Opinion: The Supreme Court delivers a TKO to organized labor


Published: 06-19-2023 6:00 AM

Jonathan P. Baird lives in Wilmot.

Any time the U.S. Supreme Court issues a decision now, I admit I shudder. Very occasionally they can surprise, like they did in the Alabama voting rights case, Allen v Milligan, this last week but typically decisions are predictable, especially when the Court is dealing with cases where they have a track record of hostility toward a certain group. Organized labor is such a group.

The Court always sides with employers against organized labor. In the case they just decided, Glacier Northwest v International Brotherhood of Teamsters Local Union 174, they did it again. The Court held that Glacier Northwest, a concrete company, could sue the Teamsters in state court for its loss of perishable concrete stemming from the workers’ strike.

In the Glacier situation, back in 2017, 85 truck drivers walked off the job and went on strike. At the time of the strike, 16 of the drivers had trucks filled with concrete that had not yet been delivered. The workers drove their trucks back to the company headquarters. They left the trucks running with their drums rotating so the cement would not harden and be ruined.

Glacier’s non-union workers did remove the wet concrete from the trucks before there was any significant damage to the trucks but the company lacked the personnel to deliver the concrete to customers. As a result, some of the wet concrete hardened and spoiled. The lawsuit Glacier filed in state court related to the spoiled concrete. They argued intentional destruction of company property by the union.

In an 8-1 decision authored by Justice Amy Coney Barrett, the Court found that the workers’ decision to strike after the concrete had been mixed and poured into the trucks meant they failed to take “reasonable precautions” to avoid foreseeable, aggravated and imminent harm to Glacier’s property. Barrett went on to conclude that the strike was not “arguably protected” under the National Labor Relations Act. She ruled that the company may pursue a lawsuit against the union in Washington state court before the National Labor Relations Board (also called the NLRB) decides whether this strike was protected by federal law.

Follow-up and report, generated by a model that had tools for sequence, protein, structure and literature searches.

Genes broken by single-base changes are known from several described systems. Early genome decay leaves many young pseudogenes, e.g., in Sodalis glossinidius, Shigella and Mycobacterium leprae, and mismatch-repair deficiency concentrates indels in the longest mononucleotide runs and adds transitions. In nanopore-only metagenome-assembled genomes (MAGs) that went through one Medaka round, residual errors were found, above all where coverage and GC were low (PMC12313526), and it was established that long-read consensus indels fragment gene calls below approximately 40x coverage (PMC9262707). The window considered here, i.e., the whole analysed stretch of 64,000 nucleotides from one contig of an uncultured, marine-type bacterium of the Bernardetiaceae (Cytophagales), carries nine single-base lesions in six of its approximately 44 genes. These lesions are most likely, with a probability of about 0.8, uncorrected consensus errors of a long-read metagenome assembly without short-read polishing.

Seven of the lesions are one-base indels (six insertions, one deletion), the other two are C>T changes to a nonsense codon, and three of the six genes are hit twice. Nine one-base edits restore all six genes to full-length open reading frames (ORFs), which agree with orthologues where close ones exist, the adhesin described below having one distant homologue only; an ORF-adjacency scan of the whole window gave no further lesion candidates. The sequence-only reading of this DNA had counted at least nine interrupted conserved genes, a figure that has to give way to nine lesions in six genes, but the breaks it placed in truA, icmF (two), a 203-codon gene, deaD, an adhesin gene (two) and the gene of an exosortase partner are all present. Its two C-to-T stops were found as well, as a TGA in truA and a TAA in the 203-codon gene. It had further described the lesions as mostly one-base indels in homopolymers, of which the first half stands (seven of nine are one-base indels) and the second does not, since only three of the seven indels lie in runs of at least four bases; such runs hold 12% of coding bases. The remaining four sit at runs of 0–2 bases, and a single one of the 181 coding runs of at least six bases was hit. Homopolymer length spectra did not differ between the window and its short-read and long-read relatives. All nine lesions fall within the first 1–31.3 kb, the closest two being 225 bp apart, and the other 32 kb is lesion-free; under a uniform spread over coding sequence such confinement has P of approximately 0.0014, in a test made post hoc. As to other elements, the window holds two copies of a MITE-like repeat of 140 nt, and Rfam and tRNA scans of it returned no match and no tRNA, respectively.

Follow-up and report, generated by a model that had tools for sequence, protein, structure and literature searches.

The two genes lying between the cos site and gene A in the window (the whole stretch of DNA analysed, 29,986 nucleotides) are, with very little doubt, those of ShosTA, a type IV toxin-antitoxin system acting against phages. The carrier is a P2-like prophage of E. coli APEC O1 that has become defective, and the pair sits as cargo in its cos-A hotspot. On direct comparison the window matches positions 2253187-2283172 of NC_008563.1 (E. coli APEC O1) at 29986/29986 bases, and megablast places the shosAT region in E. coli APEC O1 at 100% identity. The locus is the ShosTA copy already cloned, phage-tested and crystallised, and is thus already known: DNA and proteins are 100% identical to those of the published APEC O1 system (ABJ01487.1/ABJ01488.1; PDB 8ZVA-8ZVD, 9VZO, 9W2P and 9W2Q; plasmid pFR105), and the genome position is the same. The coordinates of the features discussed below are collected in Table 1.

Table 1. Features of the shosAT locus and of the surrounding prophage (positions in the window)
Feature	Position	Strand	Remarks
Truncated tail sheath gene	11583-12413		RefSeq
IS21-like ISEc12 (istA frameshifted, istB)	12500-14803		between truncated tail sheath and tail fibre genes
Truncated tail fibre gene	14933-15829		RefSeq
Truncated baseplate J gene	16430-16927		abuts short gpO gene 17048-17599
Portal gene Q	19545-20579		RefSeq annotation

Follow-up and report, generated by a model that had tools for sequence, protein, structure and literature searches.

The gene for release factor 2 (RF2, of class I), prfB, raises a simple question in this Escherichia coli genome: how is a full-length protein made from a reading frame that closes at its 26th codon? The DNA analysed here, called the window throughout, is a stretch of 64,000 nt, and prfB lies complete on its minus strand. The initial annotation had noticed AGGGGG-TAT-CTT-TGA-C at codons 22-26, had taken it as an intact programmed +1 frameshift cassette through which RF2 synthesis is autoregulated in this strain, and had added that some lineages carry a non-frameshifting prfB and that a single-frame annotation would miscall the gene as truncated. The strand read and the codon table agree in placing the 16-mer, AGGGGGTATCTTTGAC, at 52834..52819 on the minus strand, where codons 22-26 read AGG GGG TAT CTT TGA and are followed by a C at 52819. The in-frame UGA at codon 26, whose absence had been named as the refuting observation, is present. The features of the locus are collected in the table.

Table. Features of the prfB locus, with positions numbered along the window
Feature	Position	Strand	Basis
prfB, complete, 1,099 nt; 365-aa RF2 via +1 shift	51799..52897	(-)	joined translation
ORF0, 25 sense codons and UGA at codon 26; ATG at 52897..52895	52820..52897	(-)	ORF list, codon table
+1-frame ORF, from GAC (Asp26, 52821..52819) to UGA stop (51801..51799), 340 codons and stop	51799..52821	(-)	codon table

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The ruling is a significant loss for organized labor because it weakens the NLRB and because it makes it easier to sue unions for striking. The Glacier case opens the door to more cases being tried in state court rather than the NLRB, a result labor absolutely did not want.

I would acknowledge though that the ruling is narrower than it might have been. Many unions had worried the Court would much more drastically erode the right to strike. As labor organizer Jane McAlevey has pointed out, “What the Court did today, in essence, was simply say workers can’t call surprise strikes that cause property damage.”

Based on their opinions, it would appear that the hard right bloc of the Court, Justices Thomas, Alito and Gorsuch, would like to replace long-established federal jurisdiction of strikes with state-level tort law. Stripping power away from the NLRB is part of their deconstructing the administrative state project. They are out to sideline the NLRB which for almost 100 years has been the federal agency charged with protecting workers’ rights to collective action and their right to strike.

Glacier may just be a speed bump in the anti-labor project. The hard right justices no doubt hope to realize their vision in a future case.

To appreciate what was at stake in the case for labor, earlier American labor history is relevant. Before the NLRB was created during the New Deal, many conservative judges saw unions as criminal conspiracies set up to undermine business. Courts generally acted as agents of capital. The hard right bloc appears to want a return to robber baron and Gilded Age days before the New Deal.

The sole dissenter in the Glacier case was Justice Ketanji Brown Jackson. In a fiery dissent, she came out arguing, “The right to strike is fundamental in American labor law… Today the Court falters…And in the course of inappropriately weighing in on the merits of…at this stage, this majority also misapplies the [National Labor] Board’s cases in a manner that threatens to impede the Board’s uniform development of labor law and erode the right to strike.”

Justice Jackson bought no part of the majority opinion. She thought the case should have been handled by the NLRB and that state courts were required to take a “jurisdictional hiatus.” She noted that workers have “a statutory right to strike despite the fact that exercising that right risks economic harm to employers.”

Striking is about putting maximum pressure on employers and unions often time strikes to inflict the biggest cost on employers. From the labor side, that is a fact of life needed to increase the chances of winning. Justice Jackson defends the right to strike even when it causes economic harm because, she says, it can advance Congress’s goal of achieving “equality of bargaining power between employers and employees.” She saw the Teamsters’ actions as protected under law.

In closing, she powerfully wrote, “Workers are not indentured servants, bound to continue laboring until any planned work stoppage would be as painless as possible for their master. They are employees whose collective and peaceful decision to withhold their labor is protected by the NLRA even if economic injury results.”

If there is any bright side to the Glacier case, it is seeing Justice Jackson’s bold and independent-minded opinion. She follows in the progressive jurist tradition of William Brennan, Thurgood Marshall and Ruth Bader Ginsburg. This is her first major dissent. There are likely to be many more.